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EDITORIAL: Getting burned by biofuels
Energy firms are caught in green-credit crossfire
Question of the Day
When individuals attempt to solve a problem and end up creating unforeseen troubles, it's called the law of unintended consequences. When government does it, it's called the law of the land. In its zeal for regulation, the federal leviathan has invented a market for something called renewable-fuel credits and, not surprisingly, it's filled with fraud. Businesses are getting swindled and Uncle Sam's unsympathetic response is "heads I win, tails you lose."
The Energy Policy Act of 2005 mandated that the Environmental Protection Agency (EPA) implement a Renewable Fuel Standard forcing fuel refiners to dilute their petroleum products with vegetable oil, corn, algae and animal fat so companies that label themselves "green" would reap a financial windfall. Refiners who can't make those substances on their own are allowed to buy renewable-fuel credits to meet their federal quota. Each credit carries a 38-digit renewable identification number (RIN) as proof of purchase. The credits can be traded.
As this is an entirely artificial market that serves no purpose other than to make politicians and their political donors happy, it's rife with fraud. Since November, the EPA has claimed 140 million invalid RINs have been sold. The agency alleges 48 million bogus credits came from Absolute Fuels of Texas, netting about $62 million. Another 32 million were purportedly sold by Clean Green Fuel LLC in Maryland for $9 million, and 60 million were marketed by Green Diesel of Texas, worth $84 million.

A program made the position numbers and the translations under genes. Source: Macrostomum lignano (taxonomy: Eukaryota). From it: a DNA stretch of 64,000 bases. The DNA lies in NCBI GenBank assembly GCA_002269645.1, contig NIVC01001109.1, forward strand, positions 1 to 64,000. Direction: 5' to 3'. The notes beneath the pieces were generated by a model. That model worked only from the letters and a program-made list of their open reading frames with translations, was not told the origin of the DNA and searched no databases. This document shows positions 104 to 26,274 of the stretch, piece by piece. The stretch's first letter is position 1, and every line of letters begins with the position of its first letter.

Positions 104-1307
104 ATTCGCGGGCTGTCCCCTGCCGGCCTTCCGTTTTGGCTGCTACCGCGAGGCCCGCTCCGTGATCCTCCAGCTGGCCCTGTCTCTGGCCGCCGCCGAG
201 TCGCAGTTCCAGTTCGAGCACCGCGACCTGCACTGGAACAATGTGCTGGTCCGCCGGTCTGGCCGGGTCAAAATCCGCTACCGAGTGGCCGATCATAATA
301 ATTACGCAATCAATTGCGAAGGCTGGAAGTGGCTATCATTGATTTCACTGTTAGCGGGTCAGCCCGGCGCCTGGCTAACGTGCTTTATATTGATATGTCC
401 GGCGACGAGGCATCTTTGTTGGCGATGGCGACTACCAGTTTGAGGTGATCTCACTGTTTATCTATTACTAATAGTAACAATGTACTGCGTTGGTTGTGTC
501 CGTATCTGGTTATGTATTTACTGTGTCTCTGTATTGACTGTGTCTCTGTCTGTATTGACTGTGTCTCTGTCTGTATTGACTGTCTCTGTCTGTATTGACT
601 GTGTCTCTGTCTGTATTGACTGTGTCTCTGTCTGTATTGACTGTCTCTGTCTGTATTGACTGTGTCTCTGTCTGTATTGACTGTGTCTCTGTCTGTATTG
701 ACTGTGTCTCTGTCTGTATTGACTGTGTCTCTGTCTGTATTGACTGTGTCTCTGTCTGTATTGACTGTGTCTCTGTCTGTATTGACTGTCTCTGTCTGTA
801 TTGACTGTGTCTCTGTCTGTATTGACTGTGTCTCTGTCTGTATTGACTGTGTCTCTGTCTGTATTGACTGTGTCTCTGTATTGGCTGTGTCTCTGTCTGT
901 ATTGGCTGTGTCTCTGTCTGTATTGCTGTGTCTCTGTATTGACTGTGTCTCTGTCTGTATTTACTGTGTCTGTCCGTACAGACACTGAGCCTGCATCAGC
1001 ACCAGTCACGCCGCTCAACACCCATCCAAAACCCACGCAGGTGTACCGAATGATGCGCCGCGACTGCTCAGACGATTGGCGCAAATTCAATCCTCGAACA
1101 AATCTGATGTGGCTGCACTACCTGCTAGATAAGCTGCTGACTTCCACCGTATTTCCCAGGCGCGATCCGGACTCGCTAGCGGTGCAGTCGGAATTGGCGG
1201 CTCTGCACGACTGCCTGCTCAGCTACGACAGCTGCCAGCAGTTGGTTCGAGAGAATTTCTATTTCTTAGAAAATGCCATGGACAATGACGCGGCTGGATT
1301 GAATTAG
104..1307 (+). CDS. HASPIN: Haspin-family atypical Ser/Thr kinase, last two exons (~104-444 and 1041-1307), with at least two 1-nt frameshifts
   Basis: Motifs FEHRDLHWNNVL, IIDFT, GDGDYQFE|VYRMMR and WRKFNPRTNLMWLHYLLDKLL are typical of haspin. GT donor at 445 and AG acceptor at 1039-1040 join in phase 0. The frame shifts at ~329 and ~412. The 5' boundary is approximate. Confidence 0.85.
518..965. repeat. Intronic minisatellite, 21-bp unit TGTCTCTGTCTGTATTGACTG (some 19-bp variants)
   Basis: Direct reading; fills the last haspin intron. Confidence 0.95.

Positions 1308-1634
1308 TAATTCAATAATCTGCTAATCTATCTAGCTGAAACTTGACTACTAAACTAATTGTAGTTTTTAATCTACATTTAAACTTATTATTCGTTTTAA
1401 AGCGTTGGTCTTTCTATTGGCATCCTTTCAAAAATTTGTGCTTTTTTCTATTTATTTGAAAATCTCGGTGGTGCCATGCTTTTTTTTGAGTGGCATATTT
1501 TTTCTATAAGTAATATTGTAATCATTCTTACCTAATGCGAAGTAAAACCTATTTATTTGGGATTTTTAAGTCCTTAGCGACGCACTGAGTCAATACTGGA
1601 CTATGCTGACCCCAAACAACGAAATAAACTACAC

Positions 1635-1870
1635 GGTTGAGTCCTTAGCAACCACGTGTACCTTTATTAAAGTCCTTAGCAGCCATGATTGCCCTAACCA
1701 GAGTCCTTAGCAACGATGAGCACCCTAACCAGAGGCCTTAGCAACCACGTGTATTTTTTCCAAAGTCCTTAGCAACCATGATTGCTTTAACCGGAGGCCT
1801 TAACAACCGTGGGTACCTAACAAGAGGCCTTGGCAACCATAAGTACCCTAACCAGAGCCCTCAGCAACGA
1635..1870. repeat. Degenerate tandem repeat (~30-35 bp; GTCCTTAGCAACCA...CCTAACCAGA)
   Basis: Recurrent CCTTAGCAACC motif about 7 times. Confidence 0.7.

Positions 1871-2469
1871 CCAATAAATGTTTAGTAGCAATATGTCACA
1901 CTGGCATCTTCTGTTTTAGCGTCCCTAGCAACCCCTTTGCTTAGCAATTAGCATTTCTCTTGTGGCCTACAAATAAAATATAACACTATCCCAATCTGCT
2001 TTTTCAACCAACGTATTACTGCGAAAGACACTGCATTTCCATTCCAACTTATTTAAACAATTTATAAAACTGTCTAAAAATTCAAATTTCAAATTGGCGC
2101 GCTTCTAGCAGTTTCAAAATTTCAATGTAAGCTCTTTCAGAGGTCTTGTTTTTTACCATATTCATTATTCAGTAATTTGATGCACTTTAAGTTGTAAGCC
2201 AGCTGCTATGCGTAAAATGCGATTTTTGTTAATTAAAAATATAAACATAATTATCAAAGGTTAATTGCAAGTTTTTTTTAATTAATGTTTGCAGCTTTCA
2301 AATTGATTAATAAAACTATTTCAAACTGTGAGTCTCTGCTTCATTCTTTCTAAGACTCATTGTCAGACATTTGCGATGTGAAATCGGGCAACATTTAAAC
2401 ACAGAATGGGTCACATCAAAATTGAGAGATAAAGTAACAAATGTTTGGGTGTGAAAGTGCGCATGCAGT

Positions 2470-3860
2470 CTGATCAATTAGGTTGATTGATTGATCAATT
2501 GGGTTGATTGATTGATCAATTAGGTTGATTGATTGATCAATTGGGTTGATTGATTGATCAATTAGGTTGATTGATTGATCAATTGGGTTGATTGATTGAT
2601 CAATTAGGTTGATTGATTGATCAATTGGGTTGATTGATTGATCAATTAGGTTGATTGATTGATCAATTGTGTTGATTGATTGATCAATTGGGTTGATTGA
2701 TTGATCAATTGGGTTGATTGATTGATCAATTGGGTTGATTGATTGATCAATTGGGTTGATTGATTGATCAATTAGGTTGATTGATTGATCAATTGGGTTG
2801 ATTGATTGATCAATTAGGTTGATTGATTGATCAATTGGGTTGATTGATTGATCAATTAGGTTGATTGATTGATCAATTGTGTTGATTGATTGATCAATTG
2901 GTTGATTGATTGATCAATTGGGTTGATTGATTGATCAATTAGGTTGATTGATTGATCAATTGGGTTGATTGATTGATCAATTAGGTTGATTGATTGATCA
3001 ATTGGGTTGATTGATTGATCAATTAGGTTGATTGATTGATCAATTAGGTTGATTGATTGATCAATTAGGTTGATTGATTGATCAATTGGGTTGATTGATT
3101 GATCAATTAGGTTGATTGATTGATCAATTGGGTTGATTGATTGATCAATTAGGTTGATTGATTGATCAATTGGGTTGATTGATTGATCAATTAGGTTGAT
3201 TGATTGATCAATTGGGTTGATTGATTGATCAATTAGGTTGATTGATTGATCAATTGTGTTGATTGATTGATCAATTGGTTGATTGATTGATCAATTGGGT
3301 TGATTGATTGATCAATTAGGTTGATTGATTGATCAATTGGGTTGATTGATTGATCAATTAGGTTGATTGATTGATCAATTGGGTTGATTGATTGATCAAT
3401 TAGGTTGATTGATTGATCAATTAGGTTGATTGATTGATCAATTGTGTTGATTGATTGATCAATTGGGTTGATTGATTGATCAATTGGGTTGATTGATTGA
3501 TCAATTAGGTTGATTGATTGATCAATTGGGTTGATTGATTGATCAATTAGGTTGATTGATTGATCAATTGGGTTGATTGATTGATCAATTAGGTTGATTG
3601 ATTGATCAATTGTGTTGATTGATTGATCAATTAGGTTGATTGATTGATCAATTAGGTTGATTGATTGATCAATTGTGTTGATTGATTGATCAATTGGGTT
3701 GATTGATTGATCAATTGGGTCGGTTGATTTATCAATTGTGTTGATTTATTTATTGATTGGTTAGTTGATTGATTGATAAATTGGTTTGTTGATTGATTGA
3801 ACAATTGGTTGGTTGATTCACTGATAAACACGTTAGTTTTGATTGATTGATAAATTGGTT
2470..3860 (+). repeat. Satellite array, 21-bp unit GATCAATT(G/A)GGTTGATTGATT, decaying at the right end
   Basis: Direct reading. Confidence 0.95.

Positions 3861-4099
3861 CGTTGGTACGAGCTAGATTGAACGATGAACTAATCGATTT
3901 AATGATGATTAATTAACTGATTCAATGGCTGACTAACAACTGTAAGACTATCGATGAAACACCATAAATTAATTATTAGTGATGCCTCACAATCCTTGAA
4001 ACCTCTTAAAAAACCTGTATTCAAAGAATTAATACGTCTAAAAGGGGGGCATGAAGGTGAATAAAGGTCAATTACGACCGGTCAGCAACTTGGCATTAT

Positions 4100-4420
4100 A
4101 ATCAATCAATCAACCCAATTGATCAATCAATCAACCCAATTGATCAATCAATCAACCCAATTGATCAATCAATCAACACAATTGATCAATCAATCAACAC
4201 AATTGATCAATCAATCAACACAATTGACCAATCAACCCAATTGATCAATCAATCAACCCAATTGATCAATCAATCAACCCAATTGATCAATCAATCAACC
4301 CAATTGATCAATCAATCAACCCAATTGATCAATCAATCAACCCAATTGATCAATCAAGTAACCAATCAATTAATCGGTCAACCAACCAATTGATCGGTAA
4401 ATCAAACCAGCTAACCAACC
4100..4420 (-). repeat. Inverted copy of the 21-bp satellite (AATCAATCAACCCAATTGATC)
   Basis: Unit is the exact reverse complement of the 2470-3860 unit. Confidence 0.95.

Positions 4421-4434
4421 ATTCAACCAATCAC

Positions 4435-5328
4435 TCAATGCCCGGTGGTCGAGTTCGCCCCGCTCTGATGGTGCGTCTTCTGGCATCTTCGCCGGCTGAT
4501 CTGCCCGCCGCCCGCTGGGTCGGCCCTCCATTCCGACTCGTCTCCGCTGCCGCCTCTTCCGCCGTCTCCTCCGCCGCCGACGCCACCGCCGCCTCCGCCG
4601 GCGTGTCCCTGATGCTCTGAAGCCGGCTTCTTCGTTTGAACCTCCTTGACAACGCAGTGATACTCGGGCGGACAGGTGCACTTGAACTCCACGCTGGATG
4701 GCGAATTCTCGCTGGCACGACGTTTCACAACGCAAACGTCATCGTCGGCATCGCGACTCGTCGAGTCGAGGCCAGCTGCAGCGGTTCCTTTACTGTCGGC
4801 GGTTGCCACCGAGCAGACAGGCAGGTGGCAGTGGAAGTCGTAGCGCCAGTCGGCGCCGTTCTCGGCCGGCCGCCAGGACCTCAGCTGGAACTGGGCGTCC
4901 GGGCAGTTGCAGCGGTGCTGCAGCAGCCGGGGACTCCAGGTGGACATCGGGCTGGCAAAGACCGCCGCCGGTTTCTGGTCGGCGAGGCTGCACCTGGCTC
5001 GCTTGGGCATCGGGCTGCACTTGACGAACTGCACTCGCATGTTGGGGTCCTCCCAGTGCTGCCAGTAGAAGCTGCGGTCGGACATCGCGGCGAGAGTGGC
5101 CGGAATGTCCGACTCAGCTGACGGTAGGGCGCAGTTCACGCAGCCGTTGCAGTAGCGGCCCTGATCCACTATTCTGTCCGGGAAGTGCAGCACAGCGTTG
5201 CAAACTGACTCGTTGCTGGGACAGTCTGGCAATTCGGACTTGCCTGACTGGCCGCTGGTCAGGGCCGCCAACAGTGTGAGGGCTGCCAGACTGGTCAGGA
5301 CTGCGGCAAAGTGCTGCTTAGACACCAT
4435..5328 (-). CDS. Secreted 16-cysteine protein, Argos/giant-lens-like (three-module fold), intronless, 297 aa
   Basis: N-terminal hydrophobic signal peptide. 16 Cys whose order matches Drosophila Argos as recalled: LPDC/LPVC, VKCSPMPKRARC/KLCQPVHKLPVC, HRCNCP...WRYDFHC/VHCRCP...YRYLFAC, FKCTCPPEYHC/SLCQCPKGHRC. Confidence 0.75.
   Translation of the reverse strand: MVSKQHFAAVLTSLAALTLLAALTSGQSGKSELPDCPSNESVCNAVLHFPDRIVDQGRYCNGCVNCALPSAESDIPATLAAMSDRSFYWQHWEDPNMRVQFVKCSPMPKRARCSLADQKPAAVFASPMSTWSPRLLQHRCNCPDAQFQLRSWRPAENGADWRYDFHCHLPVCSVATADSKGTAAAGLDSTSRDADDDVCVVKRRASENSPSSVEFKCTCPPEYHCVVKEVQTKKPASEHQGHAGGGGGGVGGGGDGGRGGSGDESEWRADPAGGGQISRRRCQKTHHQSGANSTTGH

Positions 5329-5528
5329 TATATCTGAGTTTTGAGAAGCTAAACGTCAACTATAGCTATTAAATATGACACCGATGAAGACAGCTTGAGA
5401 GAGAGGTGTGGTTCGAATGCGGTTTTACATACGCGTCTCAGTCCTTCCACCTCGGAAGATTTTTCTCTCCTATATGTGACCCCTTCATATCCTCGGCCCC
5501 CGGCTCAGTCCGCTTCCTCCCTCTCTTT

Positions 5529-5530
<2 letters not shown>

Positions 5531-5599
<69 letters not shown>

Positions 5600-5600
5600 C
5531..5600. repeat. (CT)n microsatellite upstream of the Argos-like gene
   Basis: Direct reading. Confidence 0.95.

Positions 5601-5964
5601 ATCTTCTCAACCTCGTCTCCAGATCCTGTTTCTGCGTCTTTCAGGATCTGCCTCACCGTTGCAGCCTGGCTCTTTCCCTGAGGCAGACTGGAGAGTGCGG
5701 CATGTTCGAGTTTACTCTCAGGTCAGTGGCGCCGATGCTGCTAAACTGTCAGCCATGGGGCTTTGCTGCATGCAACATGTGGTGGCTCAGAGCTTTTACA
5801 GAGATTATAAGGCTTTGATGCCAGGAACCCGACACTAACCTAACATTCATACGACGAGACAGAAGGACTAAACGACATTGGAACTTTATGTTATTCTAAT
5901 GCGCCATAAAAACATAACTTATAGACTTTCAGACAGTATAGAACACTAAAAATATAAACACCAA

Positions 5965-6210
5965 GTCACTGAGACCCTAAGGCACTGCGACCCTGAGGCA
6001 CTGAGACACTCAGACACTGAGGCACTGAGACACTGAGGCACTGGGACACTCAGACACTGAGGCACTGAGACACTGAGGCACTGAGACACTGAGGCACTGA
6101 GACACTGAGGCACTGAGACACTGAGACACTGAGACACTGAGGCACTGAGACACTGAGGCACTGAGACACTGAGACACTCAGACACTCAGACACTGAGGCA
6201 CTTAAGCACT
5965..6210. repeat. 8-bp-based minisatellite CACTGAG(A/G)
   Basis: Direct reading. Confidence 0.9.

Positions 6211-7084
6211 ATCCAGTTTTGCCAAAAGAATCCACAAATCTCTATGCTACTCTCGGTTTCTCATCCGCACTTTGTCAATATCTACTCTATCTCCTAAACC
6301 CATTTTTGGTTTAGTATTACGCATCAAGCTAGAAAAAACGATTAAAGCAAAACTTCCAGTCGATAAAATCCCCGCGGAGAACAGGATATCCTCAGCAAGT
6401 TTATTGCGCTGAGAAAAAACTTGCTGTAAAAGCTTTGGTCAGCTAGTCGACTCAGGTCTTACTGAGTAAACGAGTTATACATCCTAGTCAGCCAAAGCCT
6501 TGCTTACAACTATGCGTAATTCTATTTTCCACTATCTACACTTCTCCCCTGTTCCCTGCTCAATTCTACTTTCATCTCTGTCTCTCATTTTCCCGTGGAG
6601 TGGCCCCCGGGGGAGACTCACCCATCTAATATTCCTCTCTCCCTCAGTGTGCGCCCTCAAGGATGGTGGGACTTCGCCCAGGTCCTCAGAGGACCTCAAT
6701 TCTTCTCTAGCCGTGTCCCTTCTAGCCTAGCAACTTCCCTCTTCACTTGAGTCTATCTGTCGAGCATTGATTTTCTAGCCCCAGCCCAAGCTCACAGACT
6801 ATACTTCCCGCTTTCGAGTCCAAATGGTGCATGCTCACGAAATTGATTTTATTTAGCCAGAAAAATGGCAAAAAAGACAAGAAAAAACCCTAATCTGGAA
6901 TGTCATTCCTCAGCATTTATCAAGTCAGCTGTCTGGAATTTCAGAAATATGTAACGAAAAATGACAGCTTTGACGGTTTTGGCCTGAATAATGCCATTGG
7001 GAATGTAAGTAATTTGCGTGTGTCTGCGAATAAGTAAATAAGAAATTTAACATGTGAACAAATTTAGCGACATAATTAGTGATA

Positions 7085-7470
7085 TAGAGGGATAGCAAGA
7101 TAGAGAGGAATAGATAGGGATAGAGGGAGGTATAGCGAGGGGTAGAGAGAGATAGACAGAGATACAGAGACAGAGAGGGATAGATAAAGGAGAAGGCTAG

House Republicans expect the scam to hit at least 300 million fake credits. "Unfortunately, the production of and trade in fraudulent or invalid RINs has developed into a large and growing problem," wrote House Energy and Commerce Committee chairman Fred Upton, Michigan Republican, and three other committee members in a May 24 letter to EPA Administrator Lisa Jackson. "And EPA's efforts to address the problem so far appear ineffective, and in some respects have harmed the renewable-fuels marketplace."
Rather than taking responsibility for authenticating the RIN market, the EPA is putting refiners on the hook for unwittingly buying fake RINs. In March, the agency announced it would fine firms 10 cents for each invalid credit they use and 20 cents for each credit missing from their quotas. One credit trading company, OceanConnect, filed suit in federal court in April, charging the EPA's "buyer beware" policy is undermining the biofuels industry.
That's an industry that should be undermined if it's unable to offer consumers an affordable product that they want. Instead, Washington insiders who view Big Oil as the root of evil have decided the nation must transition to energy products that aren't anywhere near viable. It's the essence of crony capitalism when lawmakers dictate that one product - corn fuel - the winner at the expense of another - affordable petroleum.
Ultimately, it's the taxpayer and the environment that end up paying the price for this folly as the nation's productive resources are diverted into the most wasteful endeavor of all: satisfying bureaucrats.
The Washington Times
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